Employers sometimes offer light duty work to employees who are recuperating from injuries, illnesses, or other medical conditions, when they cannot yet perform the essential functions of their jobs. Employers may have a variety of reasons to offer light duty - to reduce their workers' compensation costs, or to accommodate a possible disability, for example - but an employee on a Family and Medical Leave Act leave of absence is not entitled under the FMLA to light duty work before the employee is qualified to return to their previous positions.
In James v. Hyatt Regency,* the plaintiff argued that his current employer violated the FMLA because it did not promptly reinstate him to return to work. While out on a FMLA leave of absence, the plaintiff submitted five doctor's notes to Hyatt, which he characterized as "physician releases." However, only one of the notes released the plaintiff to return to work, and even then it released him to light duty. Instead of creating a light duty job, the employer gave the plaintiff more leave of absence - months more leave of absence. The Seventh Circuit Court of Appeals rejected the plaintiff's argument that employers are obligated under the FMLA to restore an employee to his or her active employment, in a light duty position, when the employee is released by a physician for light duty work, when the employee is unable to perform the essential functions of the job.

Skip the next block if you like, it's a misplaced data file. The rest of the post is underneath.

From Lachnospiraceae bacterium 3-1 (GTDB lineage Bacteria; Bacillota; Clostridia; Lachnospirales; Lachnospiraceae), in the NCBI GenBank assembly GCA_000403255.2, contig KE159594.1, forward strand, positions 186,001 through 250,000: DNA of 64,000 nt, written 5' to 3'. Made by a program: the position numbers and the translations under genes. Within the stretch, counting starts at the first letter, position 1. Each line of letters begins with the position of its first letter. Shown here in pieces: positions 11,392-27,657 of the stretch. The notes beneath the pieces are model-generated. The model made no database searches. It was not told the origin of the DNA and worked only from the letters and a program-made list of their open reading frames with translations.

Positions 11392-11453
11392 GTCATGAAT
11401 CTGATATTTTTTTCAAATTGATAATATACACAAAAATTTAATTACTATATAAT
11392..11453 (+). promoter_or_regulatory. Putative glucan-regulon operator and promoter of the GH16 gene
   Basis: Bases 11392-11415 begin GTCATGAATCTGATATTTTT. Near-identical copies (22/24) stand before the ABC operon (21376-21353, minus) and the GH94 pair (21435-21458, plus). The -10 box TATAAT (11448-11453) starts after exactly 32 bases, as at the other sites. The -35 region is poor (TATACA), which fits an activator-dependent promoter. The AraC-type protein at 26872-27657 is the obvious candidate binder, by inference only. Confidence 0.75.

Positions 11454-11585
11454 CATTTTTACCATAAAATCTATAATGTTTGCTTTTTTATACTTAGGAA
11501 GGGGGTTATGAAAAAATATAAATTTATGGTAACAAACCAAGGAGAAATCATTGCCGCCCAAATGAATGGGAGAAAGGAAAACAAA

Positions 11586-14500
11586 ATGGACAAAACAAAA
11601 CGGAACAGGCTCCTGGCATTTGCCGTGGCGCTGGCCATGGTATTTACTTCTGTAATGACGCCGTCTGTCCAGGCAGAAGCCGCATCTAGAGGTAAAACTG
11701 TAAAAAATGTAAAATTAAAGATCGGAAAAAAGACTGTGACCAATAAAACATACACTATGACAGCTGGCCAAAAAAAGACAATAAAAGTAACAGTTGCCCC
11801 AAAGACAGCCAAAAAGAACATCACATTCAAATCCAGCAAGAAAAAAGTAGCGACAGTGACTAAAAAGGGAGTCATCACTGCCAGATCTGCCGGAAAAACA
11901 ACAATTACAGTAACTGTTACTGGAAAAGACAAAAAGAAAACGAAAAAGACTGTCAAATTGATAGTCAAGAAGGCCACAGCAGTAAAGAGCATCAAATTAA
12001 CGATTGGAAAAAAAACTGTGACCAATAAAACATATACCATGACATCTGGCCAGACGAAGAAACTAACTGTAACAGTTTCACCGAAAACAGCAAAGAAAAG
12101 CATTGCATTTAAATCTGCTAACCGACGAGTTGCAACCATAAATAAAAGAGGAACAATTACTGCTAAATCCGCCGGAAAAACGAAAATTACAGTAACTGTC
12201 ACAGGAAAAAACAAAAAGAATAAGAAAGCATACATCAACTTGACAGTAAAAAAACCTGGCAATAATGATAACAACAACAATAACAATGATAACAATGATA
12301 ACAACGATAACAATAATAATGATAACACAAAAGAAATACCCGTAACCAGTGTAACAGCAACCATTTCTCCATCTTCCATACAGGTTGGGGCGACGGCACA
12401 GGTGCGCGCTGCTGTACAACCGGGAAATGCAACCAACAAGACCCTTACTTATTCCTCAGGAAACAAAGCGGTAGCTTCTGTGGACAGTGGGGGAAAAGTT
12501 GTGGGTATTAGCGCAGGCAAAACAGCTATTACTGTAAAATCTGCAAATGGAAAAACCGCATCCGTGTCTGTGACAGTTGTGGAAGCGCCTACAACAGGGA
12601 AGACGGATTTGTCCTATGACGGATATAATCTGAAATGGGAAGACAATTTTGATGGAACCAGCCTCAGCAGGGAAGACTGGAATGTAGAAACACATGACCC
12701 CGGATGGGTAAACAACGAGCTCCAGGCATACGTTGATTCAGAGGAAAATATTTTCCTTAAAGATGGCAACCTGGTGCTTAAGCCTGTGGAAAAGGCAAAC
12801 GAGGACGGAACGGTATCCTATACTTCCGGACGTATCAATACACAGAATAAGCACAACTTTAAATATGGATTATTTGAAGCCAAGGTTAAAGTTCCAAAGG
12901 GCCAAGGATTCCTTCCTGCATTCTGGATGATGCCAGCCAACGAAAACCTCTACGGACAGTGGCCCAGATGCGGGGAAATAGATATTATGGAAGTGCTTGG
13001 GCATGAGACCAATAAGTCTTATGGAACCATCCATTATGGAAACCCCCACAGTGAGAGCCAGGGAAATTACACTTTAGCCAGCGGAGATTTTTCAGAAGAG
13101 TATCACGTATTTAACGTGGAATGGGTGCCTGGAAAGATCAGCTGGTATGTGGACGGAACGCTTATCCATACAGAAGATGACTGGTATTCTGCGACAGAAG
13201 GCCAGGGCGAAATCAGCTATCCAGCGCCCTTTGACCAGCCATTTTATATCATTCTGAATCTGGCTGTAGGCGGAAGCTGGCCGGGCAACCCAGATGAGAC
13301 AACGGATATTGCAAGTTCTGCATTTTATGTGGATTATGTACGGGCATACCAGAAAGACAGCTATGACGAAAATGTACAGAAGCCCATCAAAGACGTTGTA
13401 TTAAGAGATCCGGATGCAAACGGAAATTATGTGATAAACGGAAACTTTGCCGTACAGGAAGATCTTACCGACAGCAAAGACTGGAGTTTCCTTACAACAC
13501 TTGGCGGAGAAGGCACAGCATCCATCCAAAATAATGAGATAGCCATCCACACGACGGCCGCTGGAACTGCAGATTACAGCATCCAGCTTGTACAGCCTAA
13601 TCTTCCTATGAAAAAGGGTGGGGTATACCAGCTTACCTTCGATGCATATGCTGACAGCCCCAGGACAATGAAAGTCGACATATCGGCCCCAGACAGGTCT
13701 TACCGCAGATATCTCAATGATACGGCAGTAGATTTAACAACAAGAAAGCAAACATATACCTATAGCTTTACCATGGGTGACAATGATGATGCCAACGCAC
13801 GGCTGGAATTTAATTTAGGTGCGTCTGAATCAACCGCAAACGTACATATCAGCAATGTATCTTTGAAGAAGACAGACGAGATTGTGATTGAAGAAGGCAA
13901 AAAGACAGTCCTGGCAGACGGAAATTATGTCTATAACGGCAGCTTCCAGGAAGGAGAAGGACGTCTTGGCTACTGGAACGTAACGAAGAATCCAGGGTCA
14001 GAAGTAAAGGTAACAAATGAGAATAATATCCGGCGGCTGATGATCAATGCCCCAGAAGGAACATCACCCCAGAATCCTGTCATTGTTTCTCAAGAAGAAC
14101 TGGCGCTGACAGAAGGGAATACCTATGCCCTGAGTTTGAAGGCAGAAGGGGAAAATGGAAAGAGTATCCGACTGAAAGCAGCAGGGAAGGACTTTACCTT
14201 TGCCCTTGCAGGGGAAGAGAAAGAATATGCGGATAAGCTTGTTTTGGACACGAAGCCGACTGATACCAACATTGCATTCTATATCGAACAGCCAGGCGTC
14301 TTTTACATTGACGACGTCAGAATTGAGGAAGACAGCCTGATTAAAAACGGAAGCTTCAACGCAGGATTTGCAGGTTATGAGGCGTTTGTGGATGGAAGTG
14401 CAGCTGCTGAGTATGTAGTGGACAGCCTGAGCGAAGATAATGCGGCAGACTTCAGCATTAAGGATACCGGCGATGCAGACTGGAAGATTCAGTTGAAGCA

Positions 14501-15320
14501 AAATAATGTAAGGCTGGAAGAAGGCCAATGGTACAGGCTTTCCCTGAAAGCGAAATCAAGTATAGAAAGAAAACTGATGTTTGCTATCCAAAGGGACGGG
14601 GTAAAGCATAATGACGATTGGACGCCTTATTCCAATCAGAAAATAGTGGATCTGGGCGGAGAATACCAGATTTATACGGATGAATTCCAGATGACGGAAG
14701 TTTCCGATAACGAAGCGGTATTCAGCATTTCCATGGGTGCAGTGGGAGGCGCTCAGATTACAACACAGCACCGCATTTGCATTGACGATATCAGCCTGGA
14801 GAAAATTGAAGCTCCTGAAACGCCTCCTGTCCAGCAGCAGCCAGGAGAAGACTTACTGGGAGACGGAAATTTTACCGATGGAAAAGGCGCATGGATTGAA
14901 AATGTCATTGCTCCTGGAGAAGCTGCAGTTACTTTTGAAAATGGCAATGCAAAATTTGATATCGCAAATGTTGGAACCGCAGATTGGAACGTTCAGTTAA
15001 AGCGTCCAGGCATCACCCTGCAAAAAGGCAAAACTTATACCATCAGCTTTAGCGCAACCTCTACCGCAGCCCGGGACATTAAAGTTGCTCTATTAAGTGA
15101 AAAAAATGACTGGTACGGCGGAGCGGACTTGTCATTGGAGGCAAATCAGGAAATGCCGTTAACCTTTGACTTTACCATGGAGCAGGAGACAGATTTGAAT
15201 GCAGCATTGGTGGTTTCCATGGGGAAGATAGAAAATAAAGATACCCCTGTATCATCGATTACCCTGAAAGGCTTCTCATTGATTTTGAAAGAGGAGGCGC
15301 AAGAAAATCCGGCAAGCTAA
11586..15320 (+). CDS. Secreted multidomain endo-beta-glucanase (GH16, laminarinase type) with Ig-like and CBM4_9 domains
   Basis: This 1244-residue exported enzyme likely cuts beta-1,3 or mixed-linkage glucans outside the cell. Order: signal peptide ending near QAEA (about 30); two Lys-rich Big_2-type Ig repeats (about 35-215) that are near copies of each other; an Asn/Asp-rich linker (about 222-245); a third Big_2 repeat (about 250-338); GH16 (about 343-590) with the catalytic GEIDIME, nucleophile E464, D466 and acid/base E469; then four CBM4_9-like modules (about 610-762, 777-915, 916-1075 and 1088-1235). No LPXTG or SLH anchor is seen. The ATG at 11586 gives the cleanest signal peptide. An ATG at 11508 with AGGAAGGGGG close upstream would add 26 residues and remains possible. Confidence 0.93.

There is no such thing as "FMLA light duty." At least not yet.